I remember that when we arrived from Mexico City in Vancouver in 1975 I tried to look for a photo job. At London Drugs I was asked what I did by a man behind a counter. I told him, “I am a portraitist”. He became very angry, “I studied in McGill and I don’t call myself that.” And that was the end of my attempts so I worked for a couple of years washing cars at Tilden-Rent-A-Car on Alberni Street.
My mother often told me that a house is not a home without pictures on the wall. Because of the recent flooding in my house I had to remove pictures from the walls. This one of Rebecca taken in 2005 has been staring at me in my bedroom for almost two months.
I will put it up, where it was, on the little wall facing me when I walk down the stairs.
Today I knew I had to write about it.
Because have been a magazine photographer since 1977 I believe I can define for myself what is a good portrait. Many times when I took my contact sheets to Vancouver Magazine I had an 8x10 print in my car that I did not bring in. Both Rick Staehling and Chris Dahl would invariably choose the photograph (a portrait) from the contact sheet that matched the one in the car. I followed the protocol and appeared the next day with the photograph.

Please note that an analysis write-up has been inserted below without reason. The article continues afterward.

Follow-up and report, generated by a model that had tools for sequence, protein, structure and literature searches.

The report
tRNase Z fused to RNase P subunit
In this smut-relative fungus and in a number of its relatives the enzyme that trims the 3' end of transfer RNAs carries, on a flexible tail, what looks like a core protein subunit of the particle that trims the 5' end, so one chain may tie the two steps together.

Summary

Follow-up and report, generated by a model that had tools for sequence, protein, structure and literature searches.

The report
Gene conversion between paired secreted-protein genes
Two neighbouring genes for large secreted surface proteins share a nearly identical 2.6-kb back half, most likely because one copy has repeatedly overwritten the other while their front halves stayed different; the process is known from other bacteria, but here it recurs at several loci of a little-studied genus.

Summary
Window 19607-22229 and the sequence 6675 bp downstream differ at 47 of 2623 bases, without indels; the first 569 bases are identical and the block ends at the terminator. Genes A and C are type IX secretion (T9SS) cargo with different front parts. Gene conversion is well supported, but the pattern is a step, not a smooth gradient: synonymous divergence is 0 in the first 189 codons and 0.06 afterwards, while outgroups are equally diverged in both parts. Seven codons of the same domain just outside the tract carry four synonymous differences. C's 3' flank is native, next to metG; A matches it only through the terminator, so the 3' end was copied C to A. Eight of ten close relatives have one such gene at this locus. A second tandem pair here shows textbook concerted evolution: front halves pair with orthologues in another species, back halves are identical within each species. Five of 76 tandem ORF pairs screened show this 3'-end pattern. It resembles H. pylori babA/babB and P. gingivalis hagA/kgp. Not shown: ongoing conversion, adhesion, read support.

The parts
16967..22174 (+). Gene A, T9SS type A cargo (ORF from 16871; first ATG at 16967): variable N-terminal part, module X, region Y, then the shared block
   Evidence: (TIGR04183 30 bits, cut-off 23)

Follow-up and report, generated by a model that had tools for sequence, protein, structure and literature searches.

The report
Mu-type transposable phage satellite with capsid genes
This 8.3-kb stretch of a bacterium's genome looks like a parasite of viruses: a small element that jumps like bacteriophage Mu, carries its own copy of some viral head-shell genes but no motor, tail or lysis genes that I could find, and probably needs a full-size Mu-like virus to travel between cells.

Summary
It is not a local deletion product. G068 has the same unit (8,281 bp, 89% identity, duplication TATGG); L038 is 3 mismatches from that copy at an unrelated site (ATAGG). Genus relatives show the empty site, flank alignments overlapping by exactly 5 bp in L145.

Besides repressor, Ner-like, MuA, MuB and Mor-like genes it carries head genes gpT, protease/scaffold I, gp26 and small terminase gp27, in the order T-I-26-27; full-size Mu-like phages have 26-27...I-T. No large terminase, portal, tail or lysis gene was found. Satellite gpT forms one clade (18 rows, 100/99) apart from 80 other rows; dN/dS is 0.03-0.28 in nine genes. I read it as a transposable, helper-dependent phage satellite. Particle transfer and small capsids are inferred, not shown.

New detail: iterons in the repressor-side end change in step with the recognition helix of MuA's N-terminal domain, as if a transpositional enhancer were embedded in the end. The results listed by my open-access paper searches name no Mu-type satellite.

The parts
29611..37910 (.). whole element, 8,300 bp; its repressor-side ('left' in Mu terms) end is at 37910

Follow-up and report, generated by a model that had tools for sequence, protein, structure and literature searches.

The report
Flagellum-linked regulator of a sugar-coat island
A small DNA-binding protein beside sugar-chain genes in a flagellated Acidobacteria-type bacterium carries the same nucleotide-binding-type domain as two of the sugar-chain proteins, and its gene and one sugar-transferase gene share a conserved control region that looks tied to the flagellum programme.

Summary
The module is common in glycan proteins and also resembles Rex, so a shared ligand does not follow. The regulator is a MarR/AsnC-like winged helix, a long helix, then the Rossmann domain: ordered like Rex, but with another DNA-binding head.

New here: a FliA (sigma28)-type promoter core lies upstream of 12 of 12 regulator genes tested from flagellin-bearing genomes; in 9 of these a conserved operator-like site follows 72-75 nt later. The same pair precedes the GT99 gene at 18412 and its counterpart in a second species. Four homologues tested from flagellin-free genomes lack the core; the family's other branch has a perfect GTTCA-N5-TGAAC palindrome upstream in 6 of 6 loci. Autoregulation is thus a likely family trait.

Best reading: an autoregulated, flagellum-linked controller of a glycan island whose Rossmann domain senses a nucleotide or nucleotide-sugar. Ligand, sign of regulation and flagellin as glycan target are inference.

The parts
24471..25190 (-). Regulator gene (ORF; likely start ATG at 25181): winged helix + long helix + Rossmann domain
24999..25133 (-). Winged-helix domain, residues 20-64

For many years I relied on studio lights to take my portraits. Then, and especially now, I believe that lighting helps a photographer to achieve what I call the Holy Grail of Photography – an identifiable style.
With cellphone captures (unlit) that kind of style is now history.
My studio was in the corner of Robson and Granville and it had four large windows. Across the street was the Eaton’s (then Sears) building with its massive white wall. Light was reflected from that wall and it came into my studio.
In the many times that architect Arthur Erickson came to pose for me he would invariably mention the quality of the light in the studio and called it “God’s Light”. And of course I would be connecting my studio flashes.
But I did literally see the light when my daughter Alexandra was making up Rebecca in the studio. I noticed the light and dispensed with my flashes.
There is something about this portrait that is remarkable and I would rest my case if someone asked me, “What are you?”
“I am a portraitist.”